The OBE design criteria are used to limit damage to the dam and therefore are of interest and concern mainly to the dam owner. In this analysis, although there are no fixed international criteria with respect to exceedance probabilities, it is typical to use a return period of about 145 years (50% probability of exceedance in 100 years), often increasing to 200 (0.5% exceedance probability) or 500 years (0.2% exceedance probability). In response to such an event, the dam must remain operable and experience only minor, easily repairable damage.
“Military engineers had to fire missiles to blast holes in the natural barrier to widen the drainage opening in the Tangjiashan barrier lake
The MCE analysis considers the largest reasonably credible earthquake that could happen along a recognised fault or within a tectonic framework in the area where a dam will be situated. In practice, the MCE is often adopted as an event with a return period of 10,000 years (0.01% exceedance probability). In case of such an event, the stability of the dam must not be compromised, although significant structural damage is acceptable (along with a possible lowering of the dam’s reservoir level).
Following the Wenchuan earthquake, attention was focused mainly on the 156m tall Zipingpu dam, which is situated only 17km from the quake’s epicentre. The reservoir behind this dam was designed to hold 1.1bn cubic meters of water. Fortunately, it had less than a third of that amount when the earthquake struck. Many cracks were observed on the dam’s face and although inspection is still continuing, a maximum settlement of 735mm has been recorded so far and also a permanent horizontal deflection of 180mm.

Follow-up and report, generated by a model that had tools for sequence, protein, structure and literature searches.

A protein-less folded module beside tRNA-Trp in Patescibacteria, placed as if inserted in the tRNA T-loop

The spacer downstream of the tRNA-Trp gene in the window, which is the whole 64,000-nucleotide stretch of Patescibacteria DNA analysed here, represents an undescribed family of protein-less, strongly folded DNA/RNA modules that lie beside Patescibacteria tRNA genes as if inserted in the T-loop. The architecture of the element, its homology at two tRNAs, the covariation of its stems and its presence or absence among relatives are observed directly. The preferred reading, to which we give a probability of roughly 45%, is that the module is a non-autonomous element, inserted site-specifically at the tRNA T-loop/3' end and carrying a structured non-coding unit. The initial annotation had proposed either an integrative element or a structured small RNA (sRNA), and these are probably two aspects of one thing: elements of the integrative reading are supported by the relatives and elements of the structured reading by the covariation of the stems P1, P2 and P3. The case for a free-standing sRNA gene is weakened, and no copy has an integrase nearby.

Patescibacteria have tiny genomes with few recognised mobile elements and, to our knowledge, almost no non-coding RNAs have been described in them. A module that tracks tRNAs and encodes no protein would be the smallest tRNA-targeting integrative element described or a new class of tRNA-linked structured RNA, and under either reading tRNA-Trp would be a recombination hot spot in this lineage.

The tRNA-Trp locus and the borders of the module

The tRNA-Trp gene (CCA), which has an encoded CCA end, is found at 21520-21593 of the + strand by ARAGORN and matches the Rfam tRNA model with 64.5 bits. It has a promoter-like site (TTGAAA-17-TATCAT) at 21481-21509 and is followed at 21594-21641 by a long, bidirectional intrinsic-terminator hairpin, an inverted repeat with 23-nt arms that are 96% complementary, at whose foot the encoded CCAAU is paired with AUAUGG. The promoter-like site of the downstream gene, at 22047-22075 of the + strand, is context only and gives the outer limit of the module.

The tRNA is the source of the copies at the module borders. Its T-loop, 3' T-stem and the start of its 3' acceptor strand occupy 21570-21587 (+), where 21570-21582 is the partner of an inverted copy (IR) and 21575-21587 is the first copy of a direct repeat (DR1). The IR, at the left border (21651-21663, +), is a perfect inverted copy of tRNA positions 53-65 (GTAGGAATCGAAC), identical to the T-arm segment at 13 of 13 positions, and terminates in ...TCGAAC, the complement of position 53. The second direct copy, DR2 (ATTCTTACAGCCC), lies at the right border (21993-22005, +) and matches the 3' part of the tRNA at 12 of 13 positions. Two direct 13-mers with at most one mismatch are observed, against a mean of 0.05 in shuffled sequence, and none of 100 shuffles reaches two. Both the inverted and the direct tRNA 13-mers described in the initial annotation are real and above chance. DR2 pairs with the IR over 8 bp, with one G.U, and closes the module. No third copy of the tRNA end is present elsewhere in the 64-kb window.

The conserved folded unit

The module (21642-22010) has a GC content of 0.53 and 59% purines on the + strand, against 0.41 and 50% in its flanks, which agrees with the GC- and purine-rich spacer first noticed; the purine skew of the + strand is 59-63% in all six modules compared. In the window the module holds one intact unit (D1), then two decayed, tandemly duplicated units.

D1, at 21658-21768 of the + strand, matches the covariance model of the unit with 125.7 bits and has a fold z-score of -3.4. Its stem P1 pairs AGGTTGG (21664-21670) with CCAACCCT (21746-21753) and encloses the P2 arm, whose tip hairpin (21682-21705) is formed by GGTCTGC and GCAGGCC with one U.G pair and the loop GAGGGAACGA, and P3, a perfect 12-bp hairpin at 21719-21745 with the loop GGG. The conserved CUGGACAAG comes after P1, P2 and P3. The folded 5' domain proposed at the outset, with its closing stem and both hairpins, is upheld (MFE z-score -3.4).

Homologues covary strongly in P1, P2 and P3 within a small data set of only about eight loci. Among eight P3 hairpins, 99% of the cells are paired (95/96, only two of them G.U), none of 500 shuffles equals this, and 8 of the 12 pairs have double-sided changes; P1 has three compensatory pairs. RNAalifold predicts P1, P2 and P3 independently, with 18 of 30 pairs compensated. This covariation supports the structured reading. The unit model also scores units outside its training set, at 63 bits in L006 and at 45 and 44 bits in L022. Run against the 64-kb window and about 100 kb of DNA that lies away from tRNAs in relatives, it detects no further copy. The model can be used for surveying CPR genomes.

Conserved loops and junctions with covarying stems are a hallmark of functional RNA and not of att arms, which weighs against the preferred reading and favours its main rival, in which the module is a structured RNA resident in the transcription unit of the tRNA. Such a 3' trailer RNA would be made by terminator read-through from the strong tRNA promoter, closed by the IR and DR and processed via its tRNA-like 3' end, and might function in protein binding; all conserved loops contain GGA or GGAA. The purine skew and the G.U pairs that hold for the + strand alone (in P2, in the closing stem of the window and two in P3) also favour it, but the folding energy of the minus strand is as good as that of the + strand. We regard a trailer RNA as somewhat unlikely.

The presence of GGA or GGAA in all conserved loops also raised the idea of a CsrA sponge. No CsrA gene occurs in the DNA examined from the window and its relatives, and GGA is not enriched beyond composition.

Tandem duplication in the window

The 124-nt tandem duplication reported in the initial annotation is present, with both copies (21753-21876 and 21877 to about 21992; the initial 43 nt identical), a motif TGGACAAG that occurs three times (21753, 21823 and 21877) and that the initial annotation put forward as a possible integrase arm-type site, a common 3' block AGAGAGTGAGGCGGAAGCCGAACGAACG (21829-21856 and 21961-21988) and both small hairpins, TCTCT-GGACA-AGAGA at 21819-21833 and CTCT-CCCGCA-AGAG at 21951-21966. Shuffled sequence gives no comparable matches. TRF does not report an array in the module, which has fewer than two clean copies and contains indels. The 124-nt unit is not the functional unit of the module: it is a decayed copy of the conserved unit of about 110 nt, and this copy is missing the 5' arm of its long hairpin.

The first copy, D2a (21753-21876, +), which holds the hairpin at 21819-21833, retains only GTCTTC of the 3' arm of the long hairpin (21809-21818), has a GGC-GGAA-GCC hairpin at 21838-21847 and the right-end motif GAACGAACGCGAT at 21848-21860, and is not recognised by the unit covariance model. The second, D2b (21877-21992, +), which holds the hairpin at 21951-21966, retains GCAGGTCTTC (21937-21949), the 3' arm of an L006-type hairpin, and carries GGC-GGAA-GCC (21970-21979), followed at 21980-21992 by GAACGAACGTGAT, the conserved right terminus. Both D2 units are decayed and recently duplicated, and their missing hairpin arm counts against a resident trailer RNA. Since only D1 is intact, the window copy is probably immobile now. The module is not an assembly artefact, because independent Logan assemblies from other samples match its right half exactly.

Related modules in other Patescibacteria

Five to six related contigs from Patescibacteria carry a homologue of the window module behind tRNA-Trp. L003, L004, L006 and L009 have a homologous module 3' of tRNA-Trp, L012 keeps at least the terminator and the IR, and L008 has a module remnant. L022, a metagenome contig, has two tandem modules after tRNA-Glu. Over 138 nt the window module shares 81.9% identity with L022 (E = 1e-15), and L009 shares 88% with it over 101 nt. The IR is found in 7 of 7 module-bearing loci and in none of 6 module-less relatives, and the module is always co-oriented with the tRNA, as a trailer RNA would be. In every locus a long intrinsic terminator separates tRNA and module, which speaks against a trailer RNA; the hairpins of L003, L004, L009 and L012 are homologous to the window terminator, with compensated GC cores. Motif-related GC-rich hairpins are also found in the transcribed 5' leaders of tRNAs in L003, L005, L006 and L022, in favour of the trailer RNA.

Close examination of other major dams has not yet been possible because local infrastructure leading to the dams was destroyed by the earthquake. Despite the official statement by Chinese authorities that no single dam had been breached, careful monitoring will continue during repairs and probably will last for months, if not for years.
Barrier lakes forming
In addition to man-made reservoirs and dams, another major problem has been 34 “barrier lakes” created by the many earthquake-induced landslides. The Tangjiashan lake that formed 6km from Beichuan received the most media attention. At its peak, the lake was roughly 800 metres x 600 metres in area and more than 120 metres deep and threatened more than a million people downstream. Such barrier dams are intrinsically highly unstable and the immediate priority of local authorities was to release the captured water in a controlled manner. Their first attempt was to dig a drainage channel. That effort proved to be inadequate, however, and military engineers had to fire missiles to blast holes in the natural barrier to widen the drainage opening.
Further study of these structures by Chinese and international dam engineers over the next months and years will provide researchers, catastrophe modellers, and emergency managers with a wealth of information on the performance of manmade and natural dams under extreme earthquake conditions.
The cost of the 12 May Wenchuan earthquake, both in terms of life and property, was enormous – recovery from the event will take months, if not years. While acknowledging the enormity of the tragedy, this earthquake will undoubtedly provide a laboratory for seismologists and earthquake engineers to expand their understanding of seismic risk in China and how China’s rapidly growing building inventory and infrastructure will respond in future to such events.
Dr Milan Simic is managing director of AIR Worldwide.